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Sleep studies

Our sleep studies include a variety of tests that aid in pinpointing the help needed to provide the best sleep possible. These include:

Polysomnogram

As a sleep patient, you will spend the night in a comfortable, quiet room while we evaluate your sleep issues using a non-invasive test called a polysomnogram (PSG). The PSG is the basis for all other exams and is used primarily to identify and measure sleep abnormalities. This test is simply a basic study that monitors you as you sleep.

CPAP titration

A test that requires you to wear a mask that covers either your nose, or your nose and mouth. The mask is connected by a tube to a machine called a blower.

Throughout the exam, the technician gradually and remotely increases the amount of air or pressure generated by the blower in an effort to eliminate any obstructions. The mask and blower create a column of air in the airway, holding the airways open and eliminating the obstructive respiratory events. 

Split-night polysomnogram

A combination of the simple polysomnogram and the CPAP titration. Primarily used for patients who likely have obstructive sleep apnea (OSA), this test was developed to be less time-consuming and less expensive for patients.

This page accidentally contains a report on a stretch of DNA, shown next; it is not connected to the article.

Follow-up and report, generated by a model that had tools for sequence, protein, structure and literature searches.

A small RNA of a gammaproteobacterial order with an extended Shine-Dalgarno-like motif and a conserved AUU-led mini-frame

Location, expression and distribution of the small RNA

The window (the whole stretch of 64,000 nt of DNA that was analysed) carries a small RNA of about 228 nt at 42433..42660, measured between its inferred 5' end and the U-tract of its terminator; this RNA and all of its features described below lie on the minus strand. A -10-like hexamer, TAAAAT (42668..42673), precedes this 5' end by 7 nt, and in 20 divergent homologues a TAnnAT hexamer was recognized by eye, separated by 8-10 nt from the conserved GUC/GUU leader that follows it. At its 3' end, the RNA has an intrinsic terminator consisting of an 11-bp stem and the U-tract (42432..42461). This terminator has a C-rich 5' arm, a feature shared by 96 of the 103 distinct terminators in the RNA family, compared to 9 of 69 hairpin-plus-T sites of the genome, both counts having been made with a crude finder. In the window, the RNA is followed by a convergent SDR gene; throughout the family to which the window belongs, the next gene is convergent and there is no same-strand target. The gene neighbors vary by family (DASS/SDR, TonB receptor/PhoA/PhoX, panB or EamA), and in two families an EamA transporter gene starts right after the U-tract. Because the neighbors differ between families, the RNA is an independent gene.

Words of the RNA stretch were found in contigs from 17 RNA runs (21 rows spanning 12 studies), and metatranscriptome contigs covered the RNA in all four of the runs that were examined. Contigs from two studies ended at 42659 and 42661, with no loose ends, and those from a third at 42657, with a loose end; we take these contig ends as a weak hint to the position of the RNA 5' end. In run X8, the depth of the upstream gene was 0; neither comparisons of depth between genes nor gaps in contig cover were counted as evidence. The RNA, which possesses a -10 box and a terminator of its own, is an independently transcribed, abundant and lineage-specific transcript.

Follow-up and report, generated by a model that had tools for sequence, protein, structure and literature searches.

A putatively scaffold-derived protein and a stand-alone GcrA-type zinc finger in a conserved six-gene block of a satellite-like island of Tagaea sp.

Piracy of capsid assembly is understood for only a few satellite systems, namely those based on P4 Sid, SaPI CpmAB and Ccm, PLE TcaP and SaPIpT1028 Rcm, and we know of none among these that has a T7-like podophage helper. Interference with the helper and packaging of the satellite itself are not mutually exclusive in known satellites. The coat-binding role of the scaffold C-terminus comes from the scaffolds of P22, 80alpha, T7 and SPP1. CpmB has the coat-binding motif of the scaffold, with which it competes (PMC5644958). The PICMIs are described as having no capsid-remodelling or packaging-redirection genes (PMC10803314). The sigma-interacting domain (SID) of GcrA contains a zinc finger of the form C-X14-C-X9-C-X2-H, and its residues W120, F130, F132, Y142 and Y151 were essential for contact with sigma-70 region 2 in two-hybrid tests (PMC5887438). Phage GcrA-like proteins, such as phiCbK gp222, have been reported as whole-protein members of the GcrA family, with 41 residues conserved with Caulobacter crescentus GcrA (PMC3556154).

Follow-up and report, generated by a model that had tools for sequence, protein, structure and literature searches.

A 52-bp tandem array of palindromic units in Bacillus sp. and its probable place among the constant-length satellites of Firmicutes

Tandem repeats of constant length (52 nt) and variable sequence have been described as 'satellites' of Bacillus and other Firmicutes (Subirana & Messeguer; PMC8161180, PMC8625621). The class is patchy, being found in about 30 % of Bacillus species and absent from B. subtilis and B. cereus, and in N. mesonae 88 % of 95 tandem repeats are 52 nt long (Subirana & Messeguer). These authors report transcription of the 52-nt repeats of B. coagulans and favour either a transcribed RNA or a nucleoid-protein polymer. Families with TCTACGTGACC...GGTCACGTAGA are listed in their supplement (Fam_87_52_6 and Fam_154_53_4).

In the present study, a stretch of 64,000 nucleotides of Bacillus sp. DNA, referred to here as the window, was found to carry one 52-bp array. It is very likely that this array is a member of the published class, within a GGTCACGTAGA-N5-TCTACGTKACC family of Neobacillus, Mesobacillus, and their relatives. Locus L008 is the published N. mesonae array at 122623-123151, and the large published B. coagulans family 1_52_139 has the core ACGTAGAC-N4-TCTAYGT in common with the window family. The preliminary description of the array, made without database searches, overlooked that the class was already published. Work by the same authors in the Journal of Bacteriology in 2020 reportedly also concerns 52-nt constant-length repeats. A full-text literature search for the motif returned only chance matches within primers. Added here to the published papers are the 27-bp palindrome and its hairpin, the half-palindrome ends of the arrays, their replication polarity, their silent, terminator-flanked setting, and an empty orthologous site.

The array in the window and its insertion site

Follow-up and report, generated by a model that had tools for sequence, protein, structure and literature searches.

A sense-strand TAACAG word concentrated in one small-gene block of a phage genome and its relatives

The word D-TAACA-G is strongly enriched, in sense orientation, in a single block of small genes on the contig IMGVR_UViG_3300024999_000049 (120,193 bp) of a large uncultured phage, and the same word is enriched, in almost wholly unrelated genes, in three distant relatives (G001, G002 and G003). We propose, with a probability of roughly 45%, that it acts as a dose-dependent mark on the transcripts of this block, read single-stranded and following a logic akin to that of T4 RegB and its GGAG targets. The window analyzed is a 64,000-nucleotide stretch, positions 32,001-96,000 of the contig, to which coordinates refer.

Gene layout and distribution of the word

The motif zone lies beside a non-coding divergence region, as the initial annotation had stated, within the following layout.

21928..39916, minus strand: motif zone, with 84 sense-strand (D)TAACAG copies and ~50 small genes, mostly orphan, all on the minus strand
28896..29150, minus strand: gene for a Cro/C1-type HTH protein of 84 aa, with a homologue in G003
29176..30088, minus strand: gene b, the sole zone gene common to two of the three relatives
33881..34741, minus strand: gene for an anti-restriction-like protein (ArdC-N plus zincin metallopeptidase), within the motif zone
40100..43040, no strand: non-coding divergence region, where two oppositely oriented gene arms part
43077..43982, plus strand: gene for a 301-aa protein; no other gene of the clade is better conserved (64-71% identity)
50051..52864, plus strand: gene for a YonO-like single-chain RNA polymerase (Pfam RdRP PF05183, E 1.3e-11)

What to expect

The first part of the exam is the simple polysomnogram. The technician watches for evidence of OSA. If the polysomnogram shows you have OSA, the CPAP titration test is run. The overall goal is to quickly identify obstructive sleep apnea and initiate treatment, all in a single night. 

Multi sleep latency test

The multi-sleep latency test (MSLT) demonstrates how tired or sleepy an individual is during normal waking hours. Primarily used to diagnose narcolepsy, this exam requires you to undergo a simple polysomnogram (PSG) to confirm that there is no other sleep abnormality present, and more importantly to provide documentation that there was good, quality sleep.

What to Expect

The morning following the PSG, most of the electrodes and sensors are removed with the exception of those on the head and face. During the day, beginning two hours after awakening, you are given the opportunity to take a nap. If you fall asleep within twenty minutes, you are allowed to sleep for an additional fifteen minutes, at which point you must get up. If, however, you do not fall asleep within twenty minutes, you must get up again. This process repeats itself every two hours for five naps.